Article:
Japan Stocks Post Four-Week Gain as Oil Explorers Surge

Japanese stocks rose, with the Topix (TPX) index capping a fourth weekly advance, as oil explorers led gains after crude prices surged amid mounting violence in Iraq.

Energy-explorer Inpex Corp. jumped 4.5 percent. Advantest Corp., a maker of semiconductor testing devices, gained 3.6 percent on a report that it plans to raise its operating-profit margin this fiscal year. A gauge tracking airline shares slid 1.9 percent for the biggest decline among the Topix’s 33 industry groups.

The Topix added 0.5 percent to 1,243.97 at the close in Tokyo after falling as much as 0.8 percent. The measure added 0.8 percent this week. The Nikkei 225 Stock Average increased 0.8 percent to 15,097.84. The Bank of Japan announced today it is maintaining record stimulus. The yen slid 0.4 percent to 102.06 per dollar.

“There was a selloff after the yen strengthened on overseas news, but that didn’t last because general conditions have improved for Japanese shares,” said Toshiyuki Kanayama, Tokyo-based senior market analyst at Monex Inc. “The market will remain resilient unless the Iraqi situation gets out of control.”

Islamists Advance

The strife in Iraq, three years after U.S. troops withdrew, has raised the prospect of a return to sectarian civil war in OPEC’s second-biggest oil producer. Security forces sought to check the rapid advance of Islamist militants who had seized major cities, as Prime Minister Nouri al-Maliki responded to the greatest threat to his government since taking power.

West Texas Intermediate crude headed for the biggest weekly advance this year as violence in Iraq threatened supplies from OPEC’s second-largest oil producer.

A Topix gauge of energy explorers posted the biggest gain in two months. Inpex soared 4.5 percent to 1,635 yen. Japan Drilling Co. surged 5.1 percent to 5,160 yen.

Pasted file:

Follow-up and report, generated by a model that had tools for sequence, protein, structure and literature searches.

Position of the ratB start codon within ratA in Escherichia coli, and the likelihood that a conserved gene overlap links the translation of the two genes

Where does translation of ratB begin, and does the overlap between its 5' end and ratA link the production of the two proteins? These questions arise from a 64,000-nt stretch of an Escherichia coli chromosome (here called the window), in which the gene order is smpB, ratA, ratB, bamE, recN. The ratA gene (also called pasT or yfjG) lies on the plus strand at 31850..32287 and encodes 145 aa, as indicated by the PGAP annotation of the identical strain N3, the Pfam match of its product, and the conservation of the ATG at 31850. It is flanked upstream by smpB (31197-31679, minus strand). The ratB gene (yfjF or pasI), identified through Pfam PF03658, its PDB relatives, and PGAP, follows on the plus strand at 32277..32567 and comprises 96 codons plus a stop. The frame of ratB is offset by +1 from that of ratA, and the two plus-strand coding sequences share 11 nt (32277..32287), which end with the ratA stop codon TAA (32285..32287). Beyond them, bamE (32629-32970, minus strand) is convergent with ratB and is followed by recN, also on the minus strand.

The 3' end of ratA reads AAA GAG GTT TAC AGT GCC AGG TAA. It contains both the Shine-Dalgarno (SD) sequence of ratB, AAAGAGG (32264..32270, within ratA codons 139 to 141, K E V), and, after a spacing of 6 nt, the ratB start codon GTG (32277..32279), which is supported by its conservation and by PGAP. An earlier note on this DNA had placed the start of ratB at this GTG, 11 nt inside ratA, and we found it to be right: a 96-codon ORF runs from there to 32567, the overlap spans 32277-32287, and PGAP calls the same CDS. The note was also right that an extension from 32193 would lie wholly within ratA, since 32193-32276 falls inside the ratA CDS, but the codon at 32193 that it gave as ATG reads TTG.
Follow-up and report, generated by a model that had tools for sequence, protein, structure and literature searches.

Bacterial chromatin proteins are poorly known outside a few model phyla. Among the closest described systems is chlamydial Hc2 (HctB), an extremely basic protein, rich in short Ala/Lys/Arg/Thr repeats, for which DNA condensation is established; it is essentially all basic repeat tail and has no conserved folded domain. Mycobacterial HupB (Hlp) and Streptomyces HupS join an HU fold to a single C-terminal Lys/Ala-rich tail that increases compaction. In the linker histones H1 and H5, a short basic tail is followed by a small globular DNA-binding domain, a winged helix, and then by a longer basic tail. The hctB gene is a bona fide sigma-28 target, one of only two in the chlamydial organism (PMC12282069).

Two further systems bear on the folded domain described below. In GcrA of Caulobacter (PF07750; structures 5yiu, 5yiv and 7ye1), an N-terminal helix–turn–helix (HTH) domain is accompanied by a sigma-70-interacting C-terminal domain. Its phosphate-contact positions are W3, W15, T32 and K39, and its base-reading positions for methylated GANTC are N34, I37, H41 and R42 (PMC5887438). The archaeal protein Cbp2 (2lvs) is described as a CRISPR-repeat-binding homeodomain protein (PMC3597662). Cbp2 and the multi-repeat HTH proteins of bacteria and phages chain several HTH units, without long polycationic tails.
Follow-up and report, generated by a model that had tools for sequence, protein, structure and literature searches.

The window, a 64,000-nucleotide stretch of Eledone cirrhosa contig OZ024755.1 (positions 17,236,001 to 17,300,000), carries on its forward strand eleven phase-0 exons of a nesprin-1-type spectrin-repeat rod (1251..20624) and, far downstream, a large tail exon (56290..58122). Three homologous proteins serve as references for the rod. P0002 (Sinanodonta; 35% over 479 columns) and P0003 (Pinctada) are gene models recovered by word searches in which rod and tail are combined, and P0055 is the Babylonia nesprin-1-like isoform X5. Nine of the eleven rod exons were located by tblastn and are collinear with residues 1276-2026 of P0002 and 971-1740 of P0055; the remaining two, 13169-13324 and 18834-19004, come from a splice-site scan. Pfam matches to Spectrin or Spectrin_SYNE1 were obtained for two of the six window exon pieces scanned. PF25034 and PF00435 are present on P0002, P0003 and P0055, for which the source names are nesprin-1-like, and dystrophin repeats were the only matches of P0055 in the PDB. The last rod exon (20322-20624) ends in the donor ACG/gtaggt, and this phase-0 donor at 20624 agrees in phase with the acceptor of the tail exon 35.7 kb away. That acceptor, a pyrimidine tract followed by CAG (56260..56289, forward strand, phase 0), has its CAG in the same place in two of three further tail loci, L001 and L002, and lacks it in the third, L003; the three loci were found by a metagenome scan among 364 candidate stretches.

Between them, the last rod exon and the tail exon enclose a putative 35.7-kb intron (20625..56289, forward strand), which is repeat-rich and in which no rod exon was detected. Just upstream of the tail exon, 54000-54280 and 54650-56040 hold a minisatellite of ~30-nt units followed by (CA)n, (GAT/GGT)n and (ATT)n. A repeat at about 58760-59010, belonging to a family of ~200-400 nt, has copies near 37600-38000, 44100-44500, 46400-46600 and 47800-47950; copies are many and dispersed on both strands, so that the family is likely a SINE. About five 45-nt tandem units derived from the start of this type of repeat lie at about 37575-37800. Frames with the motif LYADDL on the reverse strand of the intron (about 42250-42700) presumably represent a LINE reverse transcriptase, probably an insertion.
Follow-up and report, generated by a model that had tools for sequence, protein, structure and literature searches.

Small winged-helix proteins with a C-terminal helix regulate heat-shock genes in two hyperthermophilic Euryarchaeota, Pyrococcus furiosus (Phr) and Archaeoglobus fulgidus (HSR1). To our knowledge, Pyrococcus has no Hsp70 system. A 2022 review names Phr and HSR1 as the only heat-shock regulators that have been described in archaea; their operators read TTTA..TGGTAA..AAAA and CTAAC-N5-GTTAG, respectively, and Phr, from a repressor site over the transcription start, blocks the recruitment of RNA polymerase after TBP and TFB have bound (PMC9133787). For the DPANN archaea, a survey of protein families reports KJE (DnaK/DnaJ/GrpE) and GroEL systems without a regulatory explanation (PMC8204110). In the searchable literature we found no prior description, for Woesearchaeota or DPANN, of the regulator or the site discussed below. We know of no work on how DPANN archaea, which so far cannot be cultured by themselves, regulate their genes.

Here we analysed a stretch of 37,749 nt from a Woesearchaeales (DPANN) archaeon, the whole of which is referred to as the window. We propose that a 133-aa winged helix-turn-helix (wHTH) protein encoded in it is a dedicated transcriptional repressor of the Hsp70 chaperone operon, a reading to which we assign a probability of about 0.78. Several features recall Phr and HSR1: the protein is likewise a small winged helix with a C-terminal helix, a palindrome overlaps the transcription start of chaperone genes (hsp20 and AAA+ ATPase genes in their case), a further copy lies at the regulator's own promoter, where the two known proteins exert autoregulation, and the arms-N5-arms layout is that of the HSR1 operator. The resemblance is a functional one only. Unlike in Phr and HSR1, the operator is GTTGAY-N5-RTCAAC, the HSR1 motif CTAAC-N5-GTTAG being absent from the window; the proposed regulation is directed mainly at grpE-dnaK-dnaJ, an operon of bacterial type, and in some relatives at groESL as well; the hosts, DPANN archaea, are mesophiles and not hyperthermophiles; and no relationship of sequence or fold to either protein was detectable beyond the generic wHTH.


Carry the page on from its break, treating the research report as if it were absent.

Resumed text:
Advantest added 3.6 percent to 1,253 yen after the Nikkei newspaper reported it will probably raise its operating profit margin to 10 percent from 7 percent for the year ending March 2015 on rising orders for chip-testing equipment.

Dowa Holdings Co. advanced 1.9 percent to 959 yen after Credit Suisse Group AG raised its rating on the metals refiner to neutral from underperform.

Airlines Decline

The Topix Air Transportation Index lost 1.9 percent, the biggest drop since March 14. Japan Airlines Co. fell 2.9 percent to 5,280 yen. ANA Holdings Inc. slid 0.9 percent to 231 yen.

Futures on the Standard & Poor’s 500 Index gained 0.1 percent today after the equity measure declined 0.7 percent yesterday. U.S. retail sales rose 0.3 percent in May, missing estimates for a 0.6 percent gain in a Bloomberg survey, after a three-month surge in shopping. The gain followed a revised 0.5 percent advance in April that was larger than previously estimated, Commerce Department figures showed.

Even after a 8.2 percent rebound from its May 21 low, the Topix is still the worst performer this year among 24 developed markets tracked by Bloomberg. The measure capped a world-beating rally last year as the BOJ pressed ahead with record monetary easing.

BOJ Policy

The central bank today kept intact its policy of expanding the monetary base at a pace of 60 trillion yen to 70 trillion yen ($686 billion) per year. A rebound in consumer sentiment and signs of strength in business investment indicate the world’s third-biggest economy is weathering a higher sales tax.

Shares fell earlier. The 25-day Toraku Index, which compares the numbers of advancing and declining stocks on the Topix, stayed above 120 the past two days, a level that signals to some investors that shares have climbed too far, too fast.

“The market continues to take a breather amid technical signs of overheating,” said Kenichi Kubo, a senior fund manager at Tokio Marine Asset Management Co. “There’s no reason for the BOJ to add to stimulus as the impact of the sales tax increase is fading.”

The Topix traded at 1.2 times book value today, compared with 2.7 for the S&P 500 and 1.9 for the Stoxx Europe 600 Index yesterday.

(An earlier version of this story was corrected to show that Honda gets almost half its revenue from North America, not overseas, and to remove the second reference to the carmaker.)

To contact the reporters on this story: Yoshiaki Nohara in Tokyo at ynohara1@bloomberg.net; Yuko Takeo in Tokyo at ytakeo2@bloomberg.net

To contact the editors responsible for this story: Sarah McDonald at smcdonald23@bloomberg.net Jim Powell, John McCluskey

Bloomberg reserves the right to remove comments but is under no obligation to do so, or to explain individual moderation decisions.

Please enable JavaScript to view the comments powered by Disqus.